After 42 days, Jenny skied into the small basecamp that occupies
the pole with no fanfare. The two scientists based there didn’t even
know she was coming until they heard noises outside their tent.
“I think I’d skied for 18 hours that day. You can see the pole
quite far out and I just wanted to get there. I didn’t really feel
much when I arrived. I was very happy to be there, of course. But I
was in a lot of pain, so I just had a couple of beers then went to bed.”
The journey didn’t end at the pole. After three days waiting out a
storm, Jenny was flown to the main base camp in Antarctica at Union
Glacier. And there, perhaps, was her biggest challenge yet: to remove
the bandages that were on her leg; bandages that needed a long soaking
in a hot shower before they could be removed.
“I knew it was going to hurt when the doctor gave me a bottle of
whisky to drink in the shower and he stood behind the curtain ready to
provide me with painkillers for what were to be the most painful 40
minutes of my life, peeling off the layers of Granuflex dressing.”
Two days later, Jenny arrived back in the UK, and was whisked
straight to hospital where she had not one, but two operations –
including a skin graft – on her leg. It wasn’t until three weeks later
that she could really take in the experience.
“It took a while to process it all. I know I’m good at pushing
through pain, but I didn’t think I had it in me to ski through that.
Of course I’m over the moon about making it to the pole, even if I
didn’t break the record. Though actually, right now, I’m more excited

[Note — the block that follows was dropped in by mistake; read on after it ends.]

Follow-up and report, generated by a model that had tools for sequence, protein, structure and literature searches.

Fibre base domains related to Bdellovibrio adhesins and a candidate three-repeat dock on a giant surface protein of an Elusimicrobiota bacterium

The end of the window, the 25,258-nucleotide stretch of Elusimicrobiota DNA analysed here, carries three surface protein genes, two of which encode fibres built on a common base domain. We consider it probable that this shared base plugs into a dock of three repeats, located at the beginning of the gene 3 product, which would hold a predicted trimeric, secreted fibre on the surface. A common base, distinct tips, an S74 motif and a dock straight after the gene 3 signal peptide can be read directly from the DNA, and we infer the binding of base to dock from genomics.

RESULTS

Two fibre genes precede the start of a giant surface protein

about the fact I can bend my knee again. It’s funny how you take this
really small movement for granted. I spent 42 days skiing, 15 hours a
day, and suddenly being able to bend my knee is a big deal.”
This pretty much sums Jenny up. She’s incredibly humble and down to
earth. It’s not that she underestimates her achievements; it’s more
that she just doesn’t think she’s more special than the rest of us.
“I believe anyone can do this kind of thing with the right
training, equipment and support. There’s nothing special about me.
You just have to really want to do it. You’ve got to figure out
what’s the end goal and how to get there. Your why has to be strong
because if you don’t really want it, you’ll give up when it starts
to get hard. But if you truly want it, I honestly believe you’ll
make it happen.”
Jenny’s training was intense, to say the least.
She started about
eight months out and her social life went out the window. She
trained for up to 14 hours at a time. The most common method was
walking on a treadmill, at max incline, pulling a weighted (with
100kgs) sled looking at a wall with nothing like music or
Netflix to distract her.
“Training was tough, particularly training without any external
stimulus. But it’s important to be able to empty your heard and stay
calm. You can’t be dependent on stuff like music. Because what if it
breaks out there? Would you still be able to carry on?”
Depending on where she was in her training schedule, Jenny would do
roughly three weight-lifting sessions per week, four general strength
and conditioning sessions, including “boring stuff” like foam rolling
and core training, a weekly swim and some bike sessions for cardio
fitness. And seeing as Jenny was still working during this time, she
had to use annual leave to take longer training sessions closer to departure.
But the hard work clearly paid off. Jenny wasn’t just physically
strong, she was mentally strong, too.
Follow Jenny's next adventures here